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The Crow: The Third Book of Pellinor by…

The Crow: The Third Book of Pellinor (original 2006; edition 2006)

by Alison Croggon (Author)

Series: Books of Pellinor (3)

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1,0471714,792 (3.96)24
After a brief reunion with his lost sister Maered, who continues to pursue her dangerous destiny in the frozen North, orphaned Hem is sent south to Turbansk for safety but, as the armies of the Dark overrun the city, he flees with his mentor Saliman, his white crow Irc, and the orphan girl Zelika to join the resistance forces of the Light and finally learn his role in his sister's quest.… (more)
Title:The Crow: The Third Book of Pellinor
Authors:Alison Croggon (Author)
Info:Walker Books Ltd (2006), 512 pages
Collections:Your library

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The Crow by Alison Croggon (2006)


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Showing 1-5 of 17 (next | show all)
I really wish I didn't have to read so many thick books of this to find out what happens to the characters.
I really like the characters, but other than that, I really couldn't care less.

The writing style is tedious, and I don't even know what's going on half the time. Honestly that's probably because every now and then I zone out and don't pay attention, but I do that because it's written super tediously. Also, sometimes its just confusing... there's a couple scenes that I read over and over again, and still couldn't figure out what happened.

The plot is... unoriginal.
Uh oh, the Dark is rising again! Now the Light must vanquish the Dark! And take a lot of long, thick books getting around to it! When half the book is pointless to the plot anyways! And there must be lots of traveling! And I'm BORED!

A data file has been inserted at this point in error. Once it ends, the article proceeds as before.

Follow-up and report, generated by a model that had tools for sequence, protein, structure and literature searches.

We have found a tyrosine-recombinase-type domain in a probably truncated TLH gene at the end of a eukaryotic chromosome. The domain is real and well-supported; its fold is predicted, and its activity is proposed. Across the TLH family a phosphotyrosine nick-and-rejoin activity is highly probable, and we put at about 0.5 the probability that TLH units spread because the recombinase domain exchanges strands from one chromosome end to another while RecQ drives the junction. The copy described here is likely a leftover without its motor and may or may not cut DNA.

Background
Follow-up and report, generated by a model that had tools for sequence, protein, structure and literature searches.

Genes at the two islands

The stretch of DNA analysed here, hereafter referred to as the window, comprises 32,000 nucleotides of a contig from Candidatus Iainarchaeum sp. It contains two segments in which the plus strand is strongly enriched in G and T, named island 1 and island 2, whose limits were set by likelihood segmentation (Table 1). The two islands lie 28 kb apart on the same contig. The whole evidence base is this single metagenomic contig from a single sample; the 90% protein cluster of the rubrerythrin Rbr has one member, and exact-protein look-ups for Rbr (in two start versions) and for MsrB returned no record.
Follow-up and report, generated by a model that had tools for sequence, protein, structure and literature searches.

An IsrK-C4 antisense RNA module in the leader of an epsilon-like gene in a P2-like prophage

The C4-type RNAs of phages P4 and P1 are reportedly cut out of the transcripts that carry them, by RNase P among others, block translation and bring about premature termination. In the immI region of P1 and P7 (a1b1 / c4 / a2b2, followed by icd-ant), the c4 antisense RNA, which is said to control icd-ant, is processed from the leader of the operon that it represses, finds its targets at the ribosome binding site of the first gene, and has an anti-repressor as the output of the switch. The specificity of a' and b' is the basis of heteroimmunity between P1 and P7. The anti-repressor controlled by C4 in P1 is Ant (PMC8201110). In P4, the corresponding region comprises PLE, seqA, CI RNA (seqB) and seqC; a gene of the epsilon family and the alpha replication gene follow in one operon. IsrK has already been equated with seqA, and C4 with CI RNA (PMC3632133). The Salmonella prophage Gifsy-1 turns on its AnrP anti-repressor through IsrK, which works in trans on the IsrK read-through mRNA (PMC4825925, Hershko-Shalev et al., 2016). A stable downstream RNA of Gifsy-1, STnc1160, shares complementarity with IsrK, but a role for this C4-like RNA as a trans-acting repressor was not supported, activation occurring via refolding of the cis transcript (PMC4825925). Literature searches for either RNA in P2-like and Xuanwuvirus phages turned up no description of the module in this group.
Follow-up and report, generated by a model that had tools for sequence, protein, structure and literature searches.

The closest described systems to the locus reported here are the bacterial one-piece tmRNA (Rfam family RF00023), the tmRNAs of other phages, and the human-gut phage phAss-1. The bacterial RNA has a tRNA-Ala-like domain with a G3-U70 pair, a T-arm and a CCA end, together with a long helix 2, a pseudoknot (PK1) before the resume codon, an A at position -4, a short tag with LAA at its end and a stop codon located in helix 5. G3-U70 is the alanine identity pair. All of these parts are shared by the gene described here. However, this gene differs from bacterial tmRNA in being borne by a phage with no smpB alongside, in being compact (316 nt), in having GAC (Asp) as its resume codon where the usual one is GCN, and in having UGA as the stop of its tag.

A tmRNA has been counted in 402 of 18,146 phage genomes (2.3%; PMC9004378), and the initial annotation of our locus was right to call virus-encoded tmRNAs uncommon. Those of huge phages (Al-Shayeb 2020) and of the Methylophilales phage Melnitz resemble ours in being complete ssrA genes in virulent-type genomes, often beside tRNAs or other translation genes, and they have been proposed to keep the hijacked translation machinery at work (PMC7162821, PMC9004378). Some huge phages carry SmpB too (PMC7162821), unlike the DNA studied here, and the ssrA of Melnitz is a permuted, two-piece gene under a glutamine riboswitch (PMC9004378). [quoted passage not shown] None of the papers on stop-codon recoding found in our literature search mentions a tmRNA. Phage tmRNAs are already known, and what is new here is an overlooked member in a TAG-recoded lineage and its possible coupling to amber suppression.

I've read this plot waayyyyyyyy too many times already. The Lord of the Rings, The Sword of Shannara, Eragon. Probably a gazillion other things as well. I am SO bored of it.

The world is confusing. I can't keep straight all the names of places. There is so many, and they all sound the same. And half of them I swear the author just put a bunch of letters in a bag, and pulled them out randomly, then arranged them in a way that was almost pronounceable, and used that.

The characters are pretty good. None of them are amazing, but I like them, and I need to know what happens to them. This book was about Hem, a minor character from the first book though, so that was... interesting.

I like him, but he doesn't make a very good protagonist. In the first two, the MC was 16, but in The Crow, the character is only twelve. And, well, he reads like a twelve year old boy. And he just seemed too young for me to truly enjoy it, and didn't match up with the first two very well.
Then there's Saliman. He's Hem's mentor figure, and I like him very much. He seems very similar to, Cadvan, who was the mentor figure for the first two books, and I wish he'd had a slightly more different personality, but I still like him a lot.
One of my favourites was Zelika, she was feisty, and rude, and I love her.
I think my favourite character though, was the crow, Irc. He's so funny, and he's always stealing shiny objects, and he cracks me up. Also he can talk. Or, Hem can talk to him, I guess. I love him very much.

Over all, this book wasn't for me. I think the series is good, and well written, I just personally don't like the writing style, and am bored by the plot. If you like this sort of thing though, it's definitely worth a read. ( )
  irisssssssss | Jun 17, 2020 |
This book, the third in the series, is particularly dark, with the feeling of threat and unease woven throughout the second half of the book. Some of the imagery is particularly unsettling, especially that regarding children, with sections that reminded me of Nazi concentration camps. I say this because this book is listed in the Junior section of my local library, which I'm not entirely sure is suitable, I would suggest Young Adult would be more appropriate.

With all of that said, I still enjoyed the journey, the friendships and the magery. ( )
  devilish2 | Nov 20, 2017 |
Book three of Croggon's Pellinor series, this installment follows the adventures of Hem and his new companions, Irc (a white crow he rescues) and Zelika, a refugee fleeing the front lines after the destruction of her city. Hem has to grow up considerably in this story and he discovers something about the part he must play in the final confrontation with the Nameless One.

Since it had been over a year between Book Two and Book Three, it took a couple of chapters to get back into the story. However, without being too heavy-handed about it, Croggon included enough back story in the first chapters to pull me back into the world she has conjured into being. While this is YA (Hem is 12) it's at the more mature end of YA.
  hailelib | Jan 20, 2012 |